When it comes to customer due diligence, there are several AML risk factors that individuals and businesses should consider beyond whether their customer is or is not an active PEP. These factors play a crucial role in mitigating risks and ensuring compliance with anti-money laundering (AML) and counter-terrorism financing (CTF) regulations.
In this article, we will explore some of these factors and their significance in the due diligence process.
Common AML risk factors in 2023
Identifying connections to high-risk countries is crucial in determining the risk profile of individuals or entities. FATF regularly reviews and publishes a list of high-risk countries that many governments follow. In the UK, amendments were made to money laundering regulations which meant HM treasury is responsible for publishing its list of countries considered to be high risk. Under UK MLR legislation, firms need only concern themselves with this list which you can find here https://www.legislation.gov.uk/uksi/2023/704/made
Residency not nationality
The residence of an individual plays a significant role in determining risk levels. Merely being from a high-risk country, such as Iran, does not automatically classify someone as a high-risk customer. The focus should be on the source of funds and the country where the person currently resides. If a person from a high-risk country resides in the UK, has proof of residence, and holds a UK bank account with legitimate funds, the risk may be lower. However, if funds originate from a high-risk country or the person is still residing in that country, enhanced due diligence should be applied.
Complex Ownership Structures
Another factor to consider is the complexity of ownership structures. If a corporate client is owned by another company, which is in turn owned by another company, it becomes more challenging to identify the ultimate beneficial owner—the actual human being at the end of the ownership chain. Such complex structures may indicate a higher risk profile because they suggest efforts to obscure the identity of the individuals involved. Conducting enhanced due diligence becomes necessary in these cases to ensure transparency and mitigate potential risks
Assets held in Trusts
While trusts are legal entities commonly used for legitimate purposes such as estate planning, asset protection, and wealth management, their inherent characteristics can make them susceptible to exploitation for money laundering. Trusts by their nature and design, offer a degree of confidentiality and anonymity that makes it challenging to establish true ownership. Furthermore, the inherent flexibility of trust structures allows for a dynamic adjustment of beneficiaries based on the outcomes of transactions or specific events such as the sale of a property and the value of such sale. This flexibility makes it difficult to determine to the UBO and requires additional due diligence to mitigate their misuse.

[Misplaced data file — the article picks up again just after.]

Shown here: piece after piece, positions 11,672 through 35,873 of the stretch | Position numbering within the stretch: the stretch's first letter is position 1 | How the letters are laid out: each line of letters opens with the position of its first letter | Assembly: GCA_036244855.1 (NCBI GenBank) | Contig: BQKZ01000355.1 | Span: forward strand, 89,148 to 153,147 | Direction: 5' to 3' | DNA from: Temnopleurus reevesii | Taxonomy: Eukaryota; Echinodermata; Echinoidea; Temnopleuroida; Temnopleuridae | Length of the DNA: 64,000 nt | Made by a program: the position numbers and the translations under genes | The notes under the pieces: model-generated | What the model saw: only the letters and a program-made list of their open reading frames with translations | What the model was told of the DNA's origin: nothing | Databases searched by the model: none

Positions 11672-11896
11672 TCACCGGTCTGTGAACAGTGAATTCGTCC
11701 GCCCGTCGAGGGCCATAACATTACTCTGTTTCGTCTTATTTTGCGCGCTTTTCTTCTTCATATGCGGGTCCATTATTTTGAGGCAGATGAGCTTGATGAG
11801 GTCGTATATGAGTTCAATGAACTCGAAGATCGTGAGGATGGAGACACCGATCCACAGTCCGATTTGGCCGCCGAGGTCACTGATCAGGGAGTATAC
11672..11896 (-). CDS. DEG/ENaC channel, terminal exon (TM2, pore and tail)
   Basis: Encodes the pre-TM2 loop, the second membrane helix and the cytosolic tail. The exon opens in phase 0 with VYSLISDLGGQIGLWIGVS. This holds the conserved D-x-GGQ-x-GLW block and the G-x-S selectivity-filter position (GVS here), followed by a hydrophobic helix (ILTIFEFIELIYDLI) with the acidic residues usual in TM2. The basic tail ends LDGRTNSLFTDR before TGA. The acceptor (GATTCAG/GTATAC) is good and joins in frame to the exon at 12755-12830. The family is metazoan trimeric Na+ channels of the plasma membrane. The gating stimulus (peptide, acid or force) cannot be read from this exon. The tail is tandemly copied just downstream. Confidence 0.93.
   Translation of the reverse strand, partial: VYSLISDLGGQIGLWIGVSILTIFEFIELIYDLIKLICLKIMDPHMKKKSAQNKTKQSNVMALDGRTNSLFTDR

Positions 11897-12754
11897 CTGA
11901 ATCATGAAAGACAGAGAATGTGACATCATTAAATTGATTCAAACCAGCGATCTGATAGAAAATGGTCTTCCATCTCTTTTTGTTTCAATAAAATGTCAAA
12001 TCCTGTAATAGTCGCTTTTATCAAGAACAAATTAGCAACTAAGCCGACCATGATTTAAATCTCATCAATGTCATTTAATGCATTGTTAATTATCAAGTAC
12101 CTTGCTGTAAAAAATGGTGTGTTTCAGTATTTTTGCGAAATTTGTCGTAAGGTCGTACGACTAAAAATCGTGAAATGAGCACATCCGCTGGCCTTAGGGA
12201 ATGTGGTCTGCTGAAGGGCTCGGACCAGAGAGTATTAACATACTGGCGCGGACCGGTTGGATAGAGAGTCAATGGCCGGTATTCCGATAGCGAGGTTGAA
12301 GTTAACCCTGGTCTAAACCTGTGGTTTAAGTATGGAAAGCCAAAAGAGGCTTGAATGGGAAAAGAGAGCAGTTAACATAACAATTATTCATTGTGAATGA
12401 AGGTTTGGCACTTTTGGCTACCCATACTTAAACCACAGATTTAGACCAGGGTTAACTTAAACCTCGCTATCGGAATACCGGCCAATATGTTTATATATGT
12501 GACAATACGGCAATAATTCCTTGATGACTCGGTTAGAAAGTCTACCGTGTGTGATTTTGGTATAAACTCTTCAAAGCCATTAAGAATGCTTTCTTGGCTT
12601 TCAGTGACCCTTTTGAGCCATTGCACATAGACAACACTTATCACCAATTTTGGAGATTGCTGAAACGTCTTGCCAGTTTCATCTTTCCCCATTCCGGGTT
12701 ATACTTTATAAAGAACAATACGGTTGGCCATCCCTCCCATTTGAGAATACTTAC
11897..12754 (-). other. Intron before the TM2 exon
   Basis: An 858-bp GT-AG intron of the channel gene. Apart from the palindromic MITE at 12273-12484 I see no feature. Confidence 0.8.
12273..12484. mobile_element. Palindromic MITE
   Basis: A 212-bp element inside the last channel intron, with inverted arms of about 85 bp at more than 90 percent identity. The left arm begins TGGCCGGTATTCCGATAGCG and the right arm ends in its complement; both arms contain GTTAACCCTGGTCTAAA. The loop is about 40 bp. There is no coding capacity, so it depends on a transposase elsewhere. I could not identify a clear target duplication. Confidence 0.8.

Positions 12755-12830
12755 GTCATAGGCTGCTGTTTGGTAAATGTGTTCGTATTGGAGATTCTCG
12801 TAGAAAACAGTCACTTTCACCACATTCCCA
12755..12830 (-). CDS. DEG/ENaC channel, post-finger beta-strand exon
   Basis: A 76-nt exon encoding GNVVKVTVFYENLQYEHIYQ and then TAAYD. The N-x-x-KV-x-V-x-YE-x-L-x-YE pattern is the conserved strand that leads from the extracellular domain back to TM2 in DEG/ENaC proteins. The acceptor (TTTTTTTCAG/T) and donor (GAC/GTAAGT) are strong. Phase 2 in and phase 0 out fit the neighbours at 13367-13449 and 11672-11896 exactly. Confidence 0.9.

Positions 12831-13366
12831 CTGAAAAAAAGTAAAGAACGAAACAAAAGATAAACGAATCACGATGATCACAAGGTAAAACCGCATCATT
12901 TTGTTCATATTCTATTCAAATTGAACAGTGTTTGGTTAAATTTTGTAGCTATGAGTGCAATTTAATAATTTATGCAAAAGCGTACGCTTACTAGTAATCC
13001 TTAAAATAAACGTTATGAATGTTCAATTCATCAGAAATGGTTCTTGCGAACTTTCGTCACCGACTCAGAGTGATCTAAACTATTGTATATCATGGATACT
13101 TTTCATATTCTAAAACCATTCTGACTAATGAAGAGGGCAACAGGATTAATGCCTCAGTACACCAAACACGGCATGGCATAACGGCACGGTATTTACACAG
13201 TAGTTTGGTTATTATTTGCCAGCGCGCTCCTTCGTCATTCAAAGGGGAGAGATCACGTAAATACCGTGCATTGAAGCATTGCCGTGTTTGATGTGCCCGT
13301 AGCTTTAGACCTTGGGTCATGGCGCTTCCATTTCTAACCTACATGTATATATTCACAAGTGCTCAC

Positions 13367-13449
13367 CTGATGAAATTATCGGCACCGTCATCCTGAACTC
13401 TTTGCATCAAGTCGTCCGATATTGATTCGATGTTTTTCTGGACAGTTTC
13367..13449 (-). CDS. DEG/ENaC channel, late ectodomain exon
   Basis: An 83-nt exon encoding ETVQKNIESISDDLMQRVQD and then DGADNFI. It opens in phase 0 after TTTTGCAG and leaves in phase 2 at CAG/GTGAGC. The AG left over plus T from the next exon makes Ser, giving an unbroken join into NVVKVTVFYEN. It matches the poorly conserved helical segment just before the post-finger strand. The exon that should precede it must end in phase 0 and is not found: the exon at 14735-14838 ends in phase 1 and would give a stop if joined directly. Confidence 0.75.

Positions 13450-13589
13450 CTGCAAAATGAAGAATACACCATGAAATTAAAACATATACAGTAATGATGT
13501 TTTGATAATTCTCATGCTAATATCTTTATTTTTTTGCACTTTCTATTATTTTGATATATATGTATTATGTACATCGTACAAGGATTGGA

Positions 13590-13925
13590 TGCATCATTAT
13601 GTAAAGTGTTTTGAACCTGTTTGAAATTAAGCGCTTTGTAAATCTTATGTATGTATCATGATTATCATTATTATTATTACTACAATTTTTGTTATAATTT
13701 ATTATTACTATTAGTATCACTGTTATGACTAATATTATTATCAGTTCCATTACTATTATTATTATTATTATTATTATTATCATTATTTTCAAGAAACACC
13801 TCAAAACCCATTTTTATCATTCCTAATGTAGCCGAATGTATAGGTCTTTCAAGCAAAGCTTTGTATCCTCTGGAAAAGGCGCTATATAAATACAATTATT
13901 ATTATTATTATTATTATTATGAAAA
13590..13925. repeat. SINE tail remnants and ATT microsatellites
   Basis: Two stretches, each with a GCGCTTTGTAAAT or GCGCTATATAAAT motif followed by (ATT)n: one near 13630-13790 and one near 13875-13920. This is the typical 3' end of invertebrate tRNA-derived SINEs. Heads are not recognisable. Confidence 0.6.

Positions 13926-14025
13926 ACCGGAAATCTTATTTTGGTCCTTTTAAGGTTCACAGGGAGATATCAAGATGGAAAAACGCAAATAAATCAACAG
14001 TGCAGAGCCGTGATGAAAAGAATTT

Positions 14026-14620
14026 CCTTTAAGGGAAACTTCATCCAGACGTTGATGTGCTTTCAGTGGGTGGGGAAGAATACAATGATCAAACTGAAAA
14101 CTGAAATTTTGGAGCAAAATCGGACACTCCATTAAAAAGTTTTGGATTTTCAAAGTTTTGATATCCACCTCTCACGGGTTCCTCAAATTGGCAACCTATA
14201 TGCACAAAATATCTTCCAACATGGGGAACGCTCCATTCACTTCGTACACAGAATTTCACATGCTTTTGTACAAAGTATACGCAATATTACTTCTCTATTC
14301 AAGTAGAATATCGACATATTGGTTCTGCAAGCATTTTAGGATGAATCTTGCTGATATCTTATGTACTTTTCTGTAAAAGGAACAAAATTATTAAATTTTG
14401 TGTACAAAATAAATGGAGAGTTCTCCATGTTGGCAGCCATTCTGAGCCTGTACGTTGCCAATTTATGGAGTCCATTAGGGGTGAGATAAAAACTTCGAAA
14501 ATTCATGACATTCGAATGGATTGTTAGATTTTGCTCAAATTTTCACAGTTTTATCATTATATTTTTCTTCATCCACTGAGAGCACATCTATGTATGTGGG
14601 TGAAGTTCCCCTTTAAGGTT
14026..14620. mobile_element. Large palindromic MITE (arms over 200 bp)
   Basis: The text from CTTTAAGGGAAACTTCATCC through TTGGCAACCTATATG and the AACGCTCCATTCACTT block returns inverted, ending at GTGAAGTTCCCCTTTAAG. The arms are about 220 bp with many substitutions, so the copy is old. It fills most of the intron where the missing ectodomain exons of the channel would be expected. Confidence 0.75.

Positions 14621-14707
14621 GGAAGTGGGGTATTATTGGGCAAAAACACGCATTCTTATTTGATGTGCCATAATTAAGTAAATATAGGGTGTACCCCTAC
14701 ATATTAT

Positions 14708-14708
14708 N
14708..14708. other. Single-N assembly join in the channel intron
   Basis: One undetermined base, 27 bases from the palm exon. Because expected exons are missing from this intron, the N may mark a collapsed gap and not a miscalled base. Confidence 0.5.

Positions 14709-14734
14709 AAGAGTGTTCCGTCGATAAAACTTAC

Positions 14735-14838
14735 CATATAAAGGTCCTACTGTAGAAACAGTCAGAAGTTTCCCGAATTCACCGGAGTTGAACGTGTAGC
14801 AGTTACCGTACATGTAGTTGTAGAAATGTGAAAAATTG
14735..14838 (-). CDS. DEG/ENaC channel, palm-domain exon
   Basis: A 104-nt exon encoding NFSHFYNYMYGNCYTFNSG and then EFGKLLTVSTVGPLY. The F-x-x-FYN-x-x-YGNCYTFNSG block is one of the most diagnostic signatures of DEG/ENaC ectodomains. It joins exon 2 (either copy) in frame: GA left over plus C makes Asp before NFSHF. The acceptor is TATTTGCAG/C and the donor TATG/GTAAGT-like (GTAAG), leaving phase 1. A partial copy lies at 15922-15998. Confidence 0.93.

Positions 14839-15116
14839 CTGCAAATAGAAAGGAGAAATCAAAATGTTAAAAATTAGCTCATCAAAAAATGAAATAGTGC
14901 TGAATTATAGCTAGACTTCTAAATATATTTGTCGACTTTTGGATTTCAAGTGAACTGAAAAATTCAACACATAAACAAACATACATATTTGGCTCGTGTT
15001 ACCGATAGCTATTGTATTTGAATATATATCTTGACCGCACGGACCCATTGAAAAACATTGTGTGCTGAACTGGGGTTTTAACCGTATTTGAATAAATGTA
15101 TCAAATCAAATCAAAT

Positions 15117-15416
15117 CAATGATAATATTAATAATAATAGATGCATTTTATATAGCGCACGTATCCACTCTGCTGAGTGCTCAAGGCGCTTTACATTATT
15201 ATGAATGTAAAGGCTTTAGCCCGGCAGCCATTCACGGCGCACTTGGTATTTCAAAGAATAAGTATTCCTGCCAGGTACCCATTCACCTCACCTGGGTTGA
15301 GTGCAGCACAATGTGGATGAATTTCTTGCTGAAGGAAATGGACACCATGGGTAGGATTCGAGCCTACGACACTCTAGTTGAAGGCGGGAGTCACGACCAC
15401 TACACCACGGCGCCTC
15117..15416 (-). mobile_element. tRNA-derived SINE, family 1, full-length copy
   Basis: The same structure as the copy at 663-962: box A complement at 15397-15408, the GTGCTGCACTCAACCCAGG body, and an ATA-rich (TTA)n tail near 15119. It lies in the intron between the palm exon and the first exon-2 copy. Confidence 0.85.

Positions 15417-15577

Source of Funds
Where the money for the transaction originates from is another significant factor when it comes to due diligence. Simple sources of funds such as evidenced salary or a connected house sale may not require further due diligence but if the funds are gifted, from multiple sources, through gambling or cryptocurrency profits then you should be confident all sources are legitimate and aren’t been used to conceal illegal activity.
Modern technology such as ours makes it easy to verify ID documents and confirm that they belong to the person that submitted them. Money launderers are known to use a mix of genuine and false identities to hide their activities. Recent SRA enforcement action highlighted that a firm missed obvious warning signs during the CDD process. Despite obtaining genuine ID documents that matched their claimed identity, the law firm overlooked that additional documents obtained after the initial ID check, contradicted the original documentation.
If you are dealing with a transaction that involves numerous parties and multiple properties or commercial assets then this can make it difficult to identify patterns of indicative illicit activity due to the intricacies of the mechanism involved. Moreover, the involvement of multiple jurisdictions, various financial products, and the use of advanced technologies further amplify the risk of money laundering, as it becomes increasingly difficult to stay ahead of evolving tactics employed by criminals.
Keeping up with evolving risks
These are just some of the high-risk factors to consider alongside running PEPs and Sanction checks. Different industries and transaction types will inherently have they own risks you should be aware of and as technology advances, new risks will present themselves.
To keep on top of the latest risks within your field we recommend you regularly check your supervisor’s website for their guidance and advice.